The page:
The 2005 season was the first in a while that garnered national attention for the Mountaineer hoops team. It was the first time in 7 years that they made an appearance in the top 25 and the first time in 7 years that they made the NCAA tournament. WVU got off to a blazing 10-0 start, hit a tough stretch in the middle of the season, and finished the regular season at 18-9. They shocked the world in the Big East tournament and made it all the way to the conference championship before losing to Syracuse.
A spot in the big dance was their reward for a very solid season. The Eers were able to squeak by in their first round matchup against Creighton, 63-61. That is where the journey was supposed to end. To make it to the Sweet 16, the #7 seed Mountaineers would have to go against heavily favored #2 seed Wake Forest. The Demon Deacons were a team that had spent most of the year ranked in the top 5 nationally, even spending a couple weeks at #1. They had finished the regular season at 26-4, and were led by a young sophomore who would soon leave for the NBA by the name of Chris Paul.
Chris Paul has been all over the news lately. He's the best player on a team surrounded by controversy due to their crazy owner and his crazy beliefs. He just led the Clippers into the Western Conference semifinals and has dreams for much more in the 2014 NBA season. If you say Paul is the best point guard in the world, you'll have little resistance. He's a terrific pro, and was a great college player. His NCAA tournament dreams, however, were dashed in the second round of the 2005 NCAA tournament by your West Virginia Mountaineers.
At halftime of the second round matchup, everything was going as expected. The Mountaineers trailed by 13 and most likely everyone expected Paul and the Demon Deacons to continue to pull away in the second half. But the Mountaineers didn't give up. They fought back in true John Beilein fashion, with zone defense, efficient offense, and backdoor cuts just like this one:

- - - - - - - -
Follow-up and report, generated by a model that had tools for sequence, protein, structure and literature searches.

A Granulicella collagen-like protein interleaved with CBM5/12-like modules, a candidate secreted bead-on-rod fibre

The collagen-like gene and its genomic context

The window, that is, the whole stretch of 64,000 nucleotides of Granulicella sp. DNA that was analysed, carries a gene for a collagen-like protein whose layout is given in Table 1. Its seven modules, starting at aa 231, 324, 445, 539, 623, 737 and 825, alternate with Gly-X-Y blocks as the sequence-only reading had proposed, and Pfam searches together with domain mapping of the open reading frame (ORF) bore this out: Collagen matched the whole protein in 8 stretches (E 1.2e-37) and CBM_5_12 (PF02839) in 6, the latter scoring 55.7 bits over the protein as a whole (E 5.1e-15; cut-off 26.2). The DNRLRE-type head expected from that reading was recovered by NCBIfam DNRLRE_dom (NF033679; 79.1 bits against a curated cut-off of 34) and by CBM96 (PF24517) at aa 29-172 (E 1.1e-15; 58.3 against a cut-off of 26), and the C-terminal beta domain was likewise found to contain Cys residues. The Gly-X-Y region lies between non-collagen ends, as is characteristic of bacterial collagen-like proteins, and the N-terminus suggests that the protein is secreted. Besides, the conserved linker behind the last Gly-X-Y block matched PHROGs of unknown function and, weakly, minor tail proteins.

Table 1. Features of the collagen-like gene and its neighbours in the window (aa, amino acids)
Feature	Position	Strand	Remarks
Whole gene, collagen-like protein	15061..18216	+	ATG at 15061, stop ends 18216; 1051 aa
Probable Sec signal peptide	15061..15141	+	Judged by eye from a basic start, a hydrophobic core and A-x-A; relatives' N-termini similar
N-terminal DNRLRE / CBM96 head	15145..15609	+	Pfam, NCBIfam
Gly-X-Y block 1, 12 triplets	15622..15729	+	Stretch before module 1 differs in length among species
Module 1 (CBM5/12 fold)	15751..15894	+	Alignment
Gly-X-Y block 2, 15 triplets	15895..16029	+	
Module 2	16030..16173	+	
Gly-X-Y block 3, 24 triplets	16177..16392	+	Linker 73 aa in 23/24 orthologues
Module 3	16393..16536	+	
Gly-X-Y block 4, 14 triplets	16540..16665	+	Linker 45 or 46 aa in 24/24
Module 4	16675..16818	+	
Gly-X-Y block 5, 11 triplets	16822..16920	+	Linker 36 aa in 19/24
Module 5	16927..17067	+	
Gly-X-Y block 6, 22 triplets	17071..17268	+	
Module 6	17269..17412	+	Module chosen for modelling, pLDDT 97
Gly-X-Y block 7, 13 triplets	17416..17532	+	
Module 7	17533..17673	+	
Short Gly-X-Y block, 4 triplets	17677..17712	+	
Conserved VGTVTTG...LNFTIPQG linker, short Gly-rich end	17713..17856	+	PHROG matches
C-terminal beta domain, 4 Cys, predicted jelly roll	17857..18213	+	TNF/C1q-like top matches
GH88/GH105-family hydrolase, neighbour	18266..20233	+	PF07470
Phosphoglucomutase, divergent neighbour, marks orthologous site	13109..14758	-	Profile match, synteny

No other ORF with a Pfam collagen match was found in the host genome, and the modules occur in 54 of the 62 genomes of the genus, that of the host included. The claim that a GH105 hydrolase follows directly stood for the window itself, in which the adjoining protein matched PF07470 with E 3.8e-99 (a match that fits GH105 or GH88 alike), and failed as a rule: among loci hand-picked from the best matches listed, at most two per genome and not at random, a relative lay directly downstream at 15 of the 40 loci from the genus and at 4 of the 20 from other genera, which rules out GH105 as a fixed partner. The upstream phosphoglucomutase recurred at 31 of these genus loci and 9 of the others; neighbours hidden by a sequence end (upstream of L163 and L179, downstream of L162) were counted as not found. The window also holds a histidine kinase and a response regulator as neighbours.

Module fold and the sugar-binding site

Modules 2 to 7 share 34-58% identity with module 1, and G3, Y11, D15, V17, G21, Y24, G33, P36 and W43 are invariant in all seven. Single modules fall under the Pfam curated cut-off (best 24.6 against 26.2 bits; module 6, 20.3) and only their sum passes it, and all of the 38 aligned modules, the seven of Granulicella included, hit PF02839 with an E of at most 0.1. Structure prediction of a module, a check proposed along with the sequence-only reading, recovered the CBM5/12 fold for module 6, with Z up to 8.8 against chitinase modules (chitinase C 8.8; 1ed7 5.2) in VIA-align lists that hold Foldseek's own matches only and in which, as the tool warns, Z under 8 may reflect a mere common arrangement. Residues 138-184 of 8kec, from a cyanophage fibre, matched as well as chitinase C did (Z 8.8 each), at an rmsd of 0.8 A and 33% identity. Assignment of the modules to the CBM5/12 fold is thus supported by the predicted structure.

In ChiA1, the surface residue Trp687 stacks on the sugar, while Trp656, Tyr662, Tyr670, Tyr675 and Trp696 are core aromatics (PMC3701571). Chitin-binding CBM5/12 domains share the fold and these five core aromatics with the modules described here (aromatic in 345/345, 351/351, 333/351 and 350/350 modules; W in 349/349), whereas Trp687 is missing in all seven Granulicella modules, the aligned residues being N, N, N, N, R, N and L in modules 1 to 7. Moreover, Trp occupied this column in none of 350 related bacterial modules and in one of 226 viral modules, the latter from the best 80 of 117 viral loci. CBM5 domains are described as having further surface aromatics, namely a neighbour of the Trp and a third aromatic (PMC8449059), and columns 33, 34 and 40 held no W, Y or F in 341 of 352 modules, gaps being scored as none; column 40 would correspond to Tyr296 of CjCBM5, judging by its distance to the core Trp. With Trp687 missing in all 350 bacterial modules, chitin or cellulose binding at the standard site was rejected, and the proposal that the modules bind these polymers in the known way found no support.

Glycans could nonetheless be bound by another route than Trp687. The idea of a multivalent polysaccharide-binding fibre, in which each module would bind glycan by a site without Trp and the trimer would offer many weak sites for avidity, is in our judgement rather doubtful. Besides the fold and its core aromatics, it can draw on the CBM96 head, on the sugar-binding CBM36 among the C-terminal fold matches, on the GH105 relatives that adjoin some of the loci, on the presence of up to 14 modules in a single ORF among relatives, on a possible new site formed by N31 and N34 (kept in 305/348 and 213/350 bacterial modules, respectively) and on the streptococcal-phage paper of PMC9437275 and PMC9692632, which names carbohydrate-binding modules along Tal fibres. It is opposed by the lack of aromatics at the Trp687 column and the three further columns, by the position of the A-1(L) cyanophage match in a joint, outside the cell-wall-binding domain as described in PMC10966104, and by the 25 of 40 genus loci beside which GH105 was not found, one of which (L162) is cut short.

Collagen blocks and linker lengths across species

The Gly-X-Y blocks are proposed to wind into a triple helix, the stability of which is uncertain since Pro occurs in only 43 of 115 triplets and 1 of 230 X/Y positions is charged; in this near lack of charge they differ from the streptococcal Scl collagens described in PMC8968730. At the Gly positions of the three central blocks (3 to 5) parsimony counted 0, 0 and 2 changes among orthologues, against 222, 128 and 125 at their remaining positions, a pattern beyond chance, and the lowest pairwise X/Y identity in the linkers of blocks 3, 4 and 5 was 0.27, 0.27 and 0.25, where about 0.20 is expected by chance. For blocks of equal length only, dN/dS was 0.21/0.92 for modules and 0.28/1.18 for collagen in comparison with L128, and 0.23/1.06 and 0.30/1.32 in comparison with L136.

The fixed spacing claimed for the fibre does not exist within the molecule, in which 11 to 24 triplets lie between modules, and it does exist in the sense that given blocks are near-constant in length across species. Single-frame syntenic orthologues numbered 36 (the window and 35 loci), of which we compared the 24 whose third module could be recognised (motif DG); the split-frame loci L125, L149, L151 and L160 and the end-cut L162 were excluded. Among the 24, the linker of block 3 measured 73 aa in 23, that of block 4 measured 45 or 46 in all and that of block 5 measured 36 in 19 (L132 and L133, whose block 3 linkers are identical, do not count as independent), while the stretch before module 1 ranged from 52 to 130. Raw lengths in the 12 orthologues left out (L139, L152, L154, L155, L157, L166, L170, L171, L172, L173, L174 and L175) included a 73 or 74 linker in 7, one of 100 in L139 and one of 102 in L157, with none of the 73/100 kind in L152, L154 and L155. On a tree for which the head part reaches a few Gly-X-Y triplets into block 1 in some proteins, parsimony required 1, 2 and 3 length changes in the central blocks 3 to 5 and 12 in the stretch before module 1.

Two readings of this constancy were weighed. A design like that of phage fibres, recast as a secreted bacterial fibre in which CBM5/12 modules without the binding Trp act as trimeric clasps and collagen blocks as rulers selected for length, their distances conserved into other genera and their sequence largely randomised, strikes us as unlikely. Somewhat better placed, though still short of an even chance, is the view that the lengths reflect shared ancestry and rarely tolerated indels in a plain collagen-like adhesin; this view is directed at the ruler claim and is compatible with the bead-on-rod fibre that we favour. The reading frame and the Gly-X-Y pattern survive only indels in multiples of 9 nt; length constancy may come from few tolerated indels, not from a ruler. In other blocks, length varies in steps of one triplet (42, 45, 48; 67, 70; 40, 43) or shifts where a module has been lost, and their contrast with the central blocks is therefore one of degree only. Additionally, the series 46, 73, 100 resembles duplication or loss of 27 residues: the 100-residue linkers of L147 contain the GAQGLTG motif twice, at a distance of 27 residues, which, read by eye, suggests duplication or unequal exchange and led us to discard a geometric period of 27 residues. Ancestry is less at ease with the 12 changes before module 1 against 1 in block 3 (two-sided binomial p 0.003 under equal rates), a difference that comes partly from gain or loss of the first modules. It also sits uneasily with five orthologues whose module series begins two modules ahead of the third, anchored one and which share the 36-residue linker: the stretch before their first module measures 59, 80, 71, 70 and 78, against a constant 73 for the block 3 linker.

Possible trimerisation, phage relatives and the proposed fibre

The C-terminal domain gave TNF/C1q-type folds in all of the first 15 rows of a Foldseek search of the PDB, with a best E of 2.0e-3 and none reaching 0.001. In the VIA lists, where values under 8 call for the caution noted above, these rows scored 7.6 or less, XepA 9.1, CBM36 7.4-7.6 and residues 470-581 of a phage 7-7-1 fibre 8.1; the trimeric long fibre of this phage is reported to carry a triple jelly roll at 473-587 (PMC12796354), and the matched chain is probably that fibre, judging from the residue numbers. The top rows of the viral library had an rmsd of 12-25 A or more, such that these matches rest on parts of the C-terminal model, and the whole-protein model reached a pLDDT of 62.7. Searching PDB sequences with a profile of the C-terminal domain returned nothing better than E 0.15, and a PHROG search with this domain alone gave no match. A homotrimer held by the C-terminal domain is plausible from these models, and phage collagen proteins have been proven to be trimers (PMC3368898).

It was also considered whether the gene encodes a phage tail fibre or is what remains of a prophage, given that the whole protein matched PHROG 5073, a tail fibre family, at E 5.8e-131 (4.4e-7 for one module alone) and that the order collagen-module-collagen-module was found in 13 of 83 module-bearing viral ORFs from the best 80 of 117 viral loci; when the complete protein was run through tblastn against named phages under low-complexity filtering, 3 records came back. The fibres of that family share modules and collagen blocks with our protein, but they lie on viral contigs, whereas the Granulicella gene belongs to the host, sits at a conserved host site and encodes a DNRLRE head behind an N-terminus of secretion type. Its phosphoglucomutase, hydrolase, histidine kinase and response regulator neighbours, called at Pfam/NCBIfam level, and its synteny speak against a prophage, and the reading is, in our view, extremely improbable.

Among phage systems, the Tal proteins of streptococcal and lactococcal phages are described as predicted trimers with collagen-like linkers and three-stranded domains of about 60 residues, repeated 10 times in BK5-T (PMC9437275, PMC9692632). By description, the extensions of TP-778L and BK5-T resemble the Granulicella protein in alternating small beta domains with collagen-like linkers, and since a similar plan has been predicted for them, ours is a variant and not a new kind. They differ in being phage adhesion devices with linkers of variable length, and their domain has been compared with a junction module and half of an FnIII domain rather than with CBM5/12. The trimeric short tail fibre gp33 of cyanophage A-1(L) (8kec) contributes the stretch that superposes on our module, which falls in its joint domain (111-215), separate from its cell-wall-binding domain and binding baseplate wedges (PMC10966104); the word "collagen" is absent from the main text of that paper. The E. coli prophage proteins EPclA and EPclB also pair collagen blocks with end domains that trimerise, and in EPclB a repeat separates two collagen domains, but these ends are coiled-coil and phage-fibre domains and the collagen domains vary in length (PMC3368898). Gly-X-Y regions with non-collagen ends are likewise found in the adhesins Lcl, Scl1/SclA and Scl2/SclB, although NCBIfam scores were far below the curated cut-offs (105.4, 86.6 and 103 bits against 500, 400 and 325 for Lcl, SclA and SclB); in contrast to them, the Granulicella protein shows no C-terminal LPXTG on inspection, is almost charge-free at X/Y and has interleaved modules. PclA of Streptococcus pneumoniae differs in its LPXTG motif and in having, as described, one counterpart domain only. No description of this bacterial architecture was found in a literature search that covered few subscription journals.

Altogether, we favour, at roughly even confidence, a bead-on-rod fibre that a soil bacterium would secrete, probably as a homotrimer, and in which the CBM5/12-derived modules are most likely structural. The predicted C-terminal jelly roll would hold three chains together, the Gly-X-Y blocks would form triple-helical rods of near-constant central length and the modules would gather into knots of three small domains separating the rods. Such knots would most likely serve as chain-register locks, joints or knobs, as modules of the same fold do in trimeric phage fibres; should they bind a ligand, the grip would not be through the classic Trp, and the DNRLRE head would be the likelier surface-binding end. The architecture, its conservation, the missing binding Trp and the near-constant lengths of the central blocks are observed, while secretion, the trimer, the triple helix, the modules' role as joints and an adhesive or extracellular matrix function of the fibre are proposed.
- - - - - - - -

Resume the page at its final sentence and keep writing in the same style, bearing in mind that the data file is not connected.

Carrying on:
With 21 seconds left in regulation, Mike Gansey made 1 of 2 free throws to put the Mountaineers up 3. Wake Forest then got a 3 by Taron Downey with 13 seconds on the clock and a missed layup by JD Collins in the final seconds would send the game into overtime.
At the end of the first OT it again looked like WVU had done enough to get the upset. A three point lead was again erased in the final seconds by Downey, and a Joe Herber layup at the buzzer was rejected. When the second OT began, however, the Mountaineers showed they would no longer be denied. Great all-around play by Gansey, along with huge contributions from freshman Darris Nichols (took a charge and an unreal block after JD Collins had fouled out) sealed the victory and sent WVU into the Sweet 16. The Eers had a lead as large as 8 in double OT and finished the game with a 111-105 win.
WVU was led by Mike Gansey with 29, Tyrone Sally pitched in with 21, and D'Or Fischer had a double-double with 15 points and 10 rebounds. Kevin Pittsnogle only had 8 (3 HUGE ones in 2OT) in the win, but made up for it in the following two games, leading the team with 22 in the win over Texas Tech and 25 in the loss to Louisville. Chris Paul had 22 points and 9 assists for the Demon Deacons. Paul would later declare for the NBA draft, and go 4th overall to the New Orleans Hornets.
Some random notes about that night:
- The 111 points scored were the most ever by a Mountaineer team in the NCAA tournament.
- The game was one of five NCAA tournament games for the Mountaineers that went into overtime, and the only one that WVU has won (losses to Dartmouth in 1956, NYU in 1960, Louisville in 2005, and Xavier in 2008).
- The win gave WVU only their second appearance in the Sweet 16 in the previous 42 years.
The Mountaineers would go on to defeat Bob Knight's Texas Tech squad before losing an overtime heartbreaker in the Elite 8 to Louisville, a game in which the Mountaineers led by double figures at halftime.
Here are highlights of the game:
Or if you want to relive the whole thing in all it's glory:
And finally, Coach Beilein and the players reflect on the great postseason run: